Gameboard

‘What differentiates Infinity Wars from Hearthstone, Magic: The Gathering, or other card games of its ilk? Firstly, the simultaneous-turn battles. In most card games, you play your turn out and then the next player sees what you’ve played and they respond to it. In Infinity Wars: Reborn, both players play out their turns simultaneously. So you really have to anticipate what the other player is going to do. It’s almost 5 parts card game, 5 parts poker.’ Anyone familiar with the competitive Pokemon video game scene will appreciate the psychology involved in predicting an opponent’s next move and the game-changing effect of making a successful prediction.

Fong admits that this style of gameplay rewards more experienced players. ‘We had some new players coming into the game who were claiming “Oh, this guy is cheating, he hacked my game”. When we asked “How did he hack your game?” they responded “I played 5 turns in a row and he knew exactly what I was going to play and how I was going to play it”.’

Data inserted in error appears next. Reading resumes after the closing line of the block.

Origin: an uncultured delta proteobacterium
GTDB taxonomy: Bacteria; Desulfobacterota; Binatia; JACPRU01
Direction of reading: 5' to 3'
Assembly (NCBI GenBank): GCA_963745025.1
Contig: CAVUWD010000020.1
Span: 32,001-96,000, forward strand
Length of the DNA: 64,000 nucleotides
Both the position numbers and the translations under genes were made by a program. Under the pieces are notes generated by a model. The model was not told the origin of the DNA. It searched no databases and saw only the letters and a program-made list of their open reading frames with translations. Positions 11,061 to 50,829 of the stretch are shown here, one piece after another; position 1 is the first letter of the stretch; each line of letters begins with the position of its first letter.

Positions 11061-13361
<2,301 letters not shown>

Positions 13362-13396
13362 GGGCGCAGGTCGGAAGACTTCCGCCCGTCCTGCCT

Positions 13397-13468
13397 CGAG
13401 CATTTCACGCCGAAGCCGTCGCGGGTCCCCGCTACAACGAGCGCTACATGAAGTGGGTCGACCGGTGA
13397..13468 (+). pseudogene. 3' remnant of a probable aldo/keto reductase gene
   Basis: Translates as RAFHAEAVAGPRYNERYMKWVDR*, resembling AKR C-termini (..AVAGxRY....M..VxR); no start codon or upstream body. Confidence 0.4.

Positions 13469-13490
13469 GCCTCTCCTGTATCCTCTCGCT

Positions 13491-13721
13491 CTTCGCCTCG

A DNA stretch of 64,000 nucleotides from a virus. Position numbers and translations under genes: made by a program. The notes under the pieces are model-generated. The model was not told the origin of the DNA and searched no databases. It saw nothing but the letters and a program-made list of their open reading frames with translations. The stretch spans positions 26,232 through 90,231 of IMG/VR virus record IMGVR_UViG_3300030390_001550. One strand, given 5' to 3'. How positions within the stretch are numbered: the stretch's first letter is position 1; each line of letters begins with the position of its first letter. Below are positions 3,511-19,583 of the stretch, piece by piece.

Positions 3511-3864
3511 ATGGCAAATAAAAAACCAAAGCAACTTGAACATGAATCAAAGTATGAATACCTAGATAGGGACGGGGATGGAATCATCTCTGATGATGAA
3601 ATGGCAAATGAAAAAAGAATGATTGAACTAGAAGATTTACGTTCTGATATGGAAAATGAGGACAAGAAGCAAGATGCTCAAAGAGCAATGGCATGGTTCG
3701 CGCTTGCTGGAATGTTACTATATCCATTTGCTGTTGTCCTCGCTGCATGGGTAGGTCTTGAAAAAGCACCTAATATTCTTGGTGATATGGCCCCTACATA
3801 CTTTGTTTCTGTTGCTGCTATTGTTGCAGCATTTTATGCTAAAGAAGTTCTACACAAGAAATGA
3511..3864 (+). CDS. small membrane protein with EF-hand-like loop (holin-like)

Other notable aspects that differentiate Infinity Wars: Reborn from existing digital card games are the presence of an undo button, that every card is beautifully, fully-animated, and the unique commander system. Similarly to Commander and Gwent, each deck has a powerful commander card that sits in the command zone from the beginning of the game. Having commander cards present on the battlefield from the beginning of the game reduces the RNG but means your opponent is immediately aware of the style of deck you’re playing. Uniquely, each deck in Infinity Wars: Reborn features three commanders.
 
Deck Building

‘When constructing a deck, players must first pick three commander cards. The faction that those commander cards belong to will determine which other types of cards can be included in the deck,’ explains Fong. ‘For example, if you have three commanders from the flame dawn faction, you can only play other cards from the flame dawn faction. However, if you have two flame dawn commanders and an exiles commander, you can play a wider variety of cards.’

Naturally, the ability to construct a good deck is a strong predictor of prolonged success in Infinity Wars: Reborn. ‘Not only do you need to be able to read your opponent and predict what they are going to do, but you need to have the cards to counter those moves and go on the attack at the same time,’ says Fong. ‘But you don’t need the best cards in the game to be the best player. Many new players will come in with legendary and epic cards and lose to a more experienced player who uses commons, uncommons and a couple of rares. It’s not all about the shiny cards.’